Fetal Cardiac Intervention is a procedure that is performed in utero and is reserved for the following three life-threatening Congenital Heart Defects:
- Aortic Stenosis with evolving Hypoplastic Left Heart Syndrome (HLHS): The goal of in utero aortic valvuloplasty is to dilate the narrowed aortic valve and improve left heart growth and function to prevent progression to HLHS
- HLHS with restrictive or intact atrial septum: The goal of the FCI is to create an atrial septal defect and sometimes place a stent in utero to decompress the left atrium and allow the baby to be more stable after birth. There is also potential to improve lung and vascular function before birth, which might improve surgical survival.
- Pulmonary atresia with intact ventricular septum with evolving HRHS- The goal of in utero pulmonic valvuloplasty is to dilate the narrowed pulmonary valve and improve right heart growth and function to prevent progression to HRHS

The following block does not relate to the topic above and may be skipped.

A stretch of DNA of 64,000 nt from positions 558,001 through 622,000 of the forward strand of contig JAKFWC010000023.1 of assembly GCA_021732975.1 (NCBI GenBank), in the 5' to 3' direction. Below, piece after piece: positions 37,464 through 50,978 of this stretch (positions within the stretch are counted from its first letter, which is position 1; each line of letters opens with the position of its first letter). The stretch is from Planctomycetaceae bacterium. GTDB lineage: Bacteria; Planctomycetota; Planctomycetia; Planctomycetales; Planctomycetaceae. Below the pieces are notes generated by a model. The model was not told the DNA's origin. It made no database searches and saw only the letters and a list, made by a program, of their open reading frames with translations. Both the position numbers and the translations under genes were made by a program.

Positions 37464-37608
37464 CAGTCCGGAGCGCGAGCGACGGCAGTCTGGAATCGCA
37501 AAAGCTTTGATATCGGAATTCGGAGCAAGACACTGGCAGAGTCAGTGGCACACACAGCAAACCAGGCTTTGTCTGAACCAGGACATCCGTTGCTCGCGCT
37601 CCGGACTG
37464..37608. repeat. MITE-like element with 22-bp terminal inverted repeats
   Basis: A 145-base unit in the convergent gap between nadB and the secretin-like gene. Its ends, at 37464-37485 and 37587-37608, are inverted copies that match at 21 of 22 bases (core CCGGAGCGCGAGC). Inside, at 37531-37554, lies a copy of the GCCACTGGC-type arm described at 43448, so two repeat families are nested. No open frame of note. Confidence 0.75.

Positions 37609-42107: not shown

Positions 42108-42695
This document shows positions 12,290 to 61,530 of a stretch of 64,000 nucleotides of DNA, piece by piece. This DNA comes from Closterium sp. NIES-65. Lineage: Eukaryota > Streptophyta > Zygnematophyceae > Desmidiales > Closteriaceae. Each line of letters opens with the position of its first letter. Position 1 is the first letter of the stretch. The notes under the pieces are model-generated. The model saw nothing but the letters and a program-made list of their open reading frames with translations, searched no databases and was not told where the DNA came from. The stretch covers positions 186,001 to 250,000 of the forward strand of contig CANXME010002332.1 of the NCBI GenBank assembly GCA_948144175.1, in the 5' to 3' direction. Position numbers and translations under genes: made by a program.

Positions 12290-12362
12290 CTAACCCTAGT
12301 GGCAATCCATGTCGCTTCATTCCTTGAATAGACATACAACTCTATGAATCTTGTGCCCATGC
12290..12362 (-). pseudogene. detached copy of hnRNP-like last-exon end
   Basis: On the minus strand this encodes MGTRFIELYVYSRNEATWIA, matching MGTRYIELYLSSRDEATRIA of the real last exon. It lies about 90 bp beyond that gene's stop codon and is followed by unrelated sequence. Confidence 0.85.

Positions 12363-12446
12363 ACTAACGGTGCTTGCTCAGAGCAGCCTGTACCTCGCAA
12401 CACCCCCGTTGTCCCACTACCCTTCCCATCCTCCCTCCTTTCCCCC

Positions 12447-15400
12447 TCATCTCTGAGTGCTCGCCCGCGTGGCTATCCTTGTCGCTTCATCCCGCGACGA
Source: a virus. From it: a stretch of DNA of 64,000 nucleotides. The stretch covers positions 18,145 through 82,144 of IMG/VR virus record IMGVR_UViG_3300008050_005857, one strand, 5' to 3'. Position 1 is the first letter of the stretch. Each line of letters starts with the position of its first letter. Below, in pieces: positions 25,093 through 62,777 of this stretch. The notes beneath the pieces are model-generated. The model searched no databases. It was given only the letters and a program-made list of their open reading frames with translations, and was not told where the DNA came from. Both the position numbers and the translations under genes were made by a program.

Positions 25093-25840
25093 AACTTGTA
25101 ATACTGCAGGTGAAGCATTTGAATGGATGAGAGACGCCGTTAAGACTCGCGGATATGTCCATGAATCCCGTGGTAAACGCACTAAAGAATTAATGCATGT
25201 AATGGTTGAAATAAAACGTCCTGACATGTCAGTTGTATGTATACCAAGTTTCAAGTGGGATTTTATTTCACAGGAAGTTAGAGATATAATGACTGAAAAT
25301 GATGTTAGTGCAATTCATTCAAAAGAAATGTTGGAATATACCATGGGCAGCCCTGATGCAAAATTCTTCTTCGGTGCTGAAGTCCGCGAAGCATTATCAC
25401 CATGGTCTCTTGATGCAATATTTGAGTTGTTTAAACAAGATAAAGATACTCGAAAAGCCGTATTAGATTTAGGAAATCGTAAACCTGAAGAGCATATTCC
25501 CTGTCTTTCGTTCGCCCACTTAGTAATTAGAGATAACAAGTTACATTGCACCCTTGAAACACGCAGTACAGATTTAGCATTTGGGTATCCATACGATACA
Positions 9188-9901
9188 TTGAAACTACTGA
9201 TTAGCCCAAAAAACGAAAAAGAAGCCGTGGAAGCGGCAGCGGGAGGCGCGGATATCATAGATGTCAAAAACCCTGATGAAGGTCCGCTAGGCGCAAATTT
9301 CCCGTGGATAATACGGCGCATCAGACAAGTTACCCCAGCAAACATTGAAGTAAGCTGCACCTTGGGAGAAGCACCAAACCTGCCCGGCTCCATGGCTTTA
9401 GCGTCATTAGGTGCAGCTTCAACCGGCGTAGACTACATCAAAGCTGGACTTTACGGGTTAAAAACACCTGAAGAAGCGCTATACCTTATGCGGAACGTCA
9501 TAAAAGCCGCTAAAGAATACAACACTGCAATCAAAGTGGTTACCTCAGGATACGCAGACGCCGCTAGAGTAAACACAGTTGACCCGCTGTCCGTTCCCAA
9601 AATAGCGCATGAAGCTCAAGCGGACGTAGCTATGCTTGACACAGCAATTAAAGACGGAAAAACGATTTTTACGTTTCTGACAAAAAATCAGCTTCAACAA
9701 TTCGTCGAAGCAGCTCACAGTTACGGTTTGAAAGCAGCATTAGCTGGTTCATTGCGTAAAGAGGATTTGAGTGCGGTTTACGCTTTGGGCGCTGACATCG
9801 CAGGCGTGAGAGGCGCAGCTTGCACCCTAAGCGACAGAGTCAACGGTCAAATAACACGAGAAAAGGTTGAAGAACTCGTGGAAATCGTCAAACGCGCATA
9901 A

What are the outcomes of Fetal Cardiac Intervention?
The outcomes vary. Some of the children are born with a two ventricle circulation at birth and do not require any cardiac surgery. Others have a “borderline” ventricle and need cardiac surgery, however this borderline ventricle can contribute to their overall cardiac output. Lastly, some of the children despite the Fetal Cardiac Intervention, are required to undergo the traditional single ventricle surgeries.
Every child is different and responds differently to this procedure. This video will help explain it better.